Ordinary Americans Priced Out Of Housing: Institutional Purchases Hit Record, Half Of All Deals Are "All-Cash"Submitted by Tyler Durden on 10/24/2013 07:13 -0500
If there was any doubt that the US housing "recovery" is anything but the latest speculative play by deep-pocketed (namely those who already have access to cheap funding) investors, who are now engaged in rotating cash gains out of capital markets and into real estate, on their way hoping to flip newly-acquired properties to other wealthy investors, then the most recent, September, RealtyTrac report will put that to rest. To wit: Institutional investors (purchasing 10 or more properties in the last 12 months) accounted for 14 percent of all sales in September, up from 9 percent in August and also 9 percent in September 2012. September had the highest percentage of institutional investor purchases of any month since RealtyTrac began tracking in January 2011....All-cash purchases nationwide represented 49 percent of all residential sales in September, up from a revised 40 percent in August and up from 30 percent in September 2012. In other words, institutional purchases are now at all time highs, with all-cash accounting for half of all transactions!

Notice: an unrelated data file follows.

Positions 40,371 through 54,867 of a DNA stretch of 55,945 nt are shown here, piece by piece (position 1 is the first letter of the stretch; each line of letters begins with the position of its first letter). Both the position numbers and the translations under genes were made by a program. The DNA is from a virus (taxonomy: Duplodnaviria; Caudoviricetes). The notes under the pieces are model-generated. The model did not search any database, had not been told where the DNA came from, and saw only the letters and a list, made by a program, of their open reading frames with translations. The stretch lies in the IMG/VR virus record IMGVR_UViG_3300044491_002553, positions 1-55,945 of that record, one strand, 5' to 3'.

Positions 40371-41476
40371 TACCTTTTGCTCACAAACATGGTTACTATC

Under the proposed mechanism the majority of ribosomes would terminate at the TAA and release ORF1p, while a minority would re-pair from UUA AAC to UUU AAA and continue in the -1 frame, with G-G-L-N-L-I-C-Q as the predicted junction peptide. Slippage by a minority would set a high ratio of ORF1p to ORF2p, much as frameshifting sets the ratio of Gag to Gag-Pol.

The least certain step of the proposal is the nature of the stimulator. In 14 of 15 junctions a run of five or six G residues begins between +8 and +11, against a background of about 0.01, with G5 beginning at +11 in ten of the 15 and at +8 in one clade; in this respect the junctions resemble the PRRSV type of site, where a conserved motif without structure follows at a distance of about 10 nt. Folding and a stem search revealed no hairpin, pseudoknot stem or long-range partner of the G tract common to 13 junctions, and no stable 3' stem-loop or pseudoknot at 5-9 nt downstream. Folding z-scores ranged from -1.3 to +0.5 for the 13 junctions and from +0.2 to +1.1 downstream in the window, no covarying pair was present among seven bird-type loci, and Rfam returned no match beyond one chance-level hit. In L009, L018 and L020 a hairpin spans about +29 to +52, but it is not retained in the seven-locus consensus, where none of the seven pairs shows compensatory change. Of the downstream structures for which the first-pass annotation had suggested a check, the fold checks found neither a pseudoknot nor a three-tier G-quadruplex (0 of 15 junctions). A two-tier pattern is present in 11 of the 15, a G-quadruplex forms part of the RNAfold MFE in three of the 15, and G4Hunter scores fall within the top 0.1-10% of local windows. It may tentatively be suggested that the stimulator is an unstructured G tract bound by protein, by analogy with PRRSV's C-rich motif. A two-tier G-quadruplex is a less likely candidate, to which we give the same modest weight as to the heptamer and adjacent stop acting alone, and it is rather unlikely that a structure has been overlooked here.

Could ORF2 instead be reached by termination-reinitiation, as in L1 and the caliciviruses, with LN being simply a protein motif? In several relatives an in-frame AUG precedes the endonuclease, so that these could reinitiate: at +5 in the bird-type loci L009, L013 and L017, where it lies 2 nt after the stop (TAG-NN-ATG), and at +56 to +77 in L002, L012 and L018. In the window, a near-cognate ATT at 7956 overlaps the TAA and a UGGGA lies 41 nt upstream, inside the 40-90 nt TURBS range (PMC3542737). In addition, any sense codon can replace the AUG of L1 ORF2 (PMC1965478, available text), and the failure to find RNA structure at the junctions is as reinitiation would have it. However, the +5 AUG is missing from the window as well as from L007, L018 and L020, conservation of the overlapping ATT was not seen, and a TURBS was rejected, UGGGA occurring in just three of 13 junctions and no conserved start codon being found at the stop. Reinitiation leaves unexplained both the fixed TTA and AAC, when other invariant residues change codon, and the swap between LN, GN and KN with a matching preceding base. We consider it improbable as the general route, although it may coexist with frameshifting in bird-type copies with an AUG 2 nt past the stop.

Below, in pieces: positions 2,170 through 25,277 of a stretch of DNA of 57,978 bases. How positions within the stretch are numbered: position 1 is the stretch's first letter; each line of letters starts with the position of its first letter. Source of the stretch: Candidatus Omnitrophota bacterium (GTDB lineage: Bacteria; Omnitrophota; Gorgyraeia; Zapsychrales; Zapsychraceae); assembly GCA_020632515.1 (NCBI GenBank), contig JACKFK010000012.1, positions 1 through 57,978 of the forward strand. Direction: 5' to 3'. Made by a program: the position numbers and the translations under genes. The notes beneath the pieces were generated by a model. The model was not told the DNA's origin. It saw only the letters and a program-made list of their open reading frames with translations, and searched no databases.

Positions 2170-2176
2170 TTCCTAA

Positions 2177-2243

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As RealtyTrac observes in its latest flipping report, while home-flipping among high-end homes, or those reserved exclusively for the New Normal aristocracy which buys and sells with reckless abandon almost exclusively on an all cash basis, is up 34% over the prior year with flipping on houses priced between $2 and $5 million was up a ridiculous 350%, overall flipping activity is finally starting to subside and in the third quarter was down by a third from Q3 and over 10% down from the the prior year. Not surprisingly, the bulk of the ultra-luxury flips were limited to New York and the four core California bubble markets. "More than three-fourths of all high-end flips were in five markets: the New York metro area and four coastal California markets — Los Angeles, San Francisco, San Jose and San Diego. Flips on homes priced between $1 million and $2 million increased 42 percent year over year, while flips on homes priced between $2 million and $5 million increased 350 percent year over year."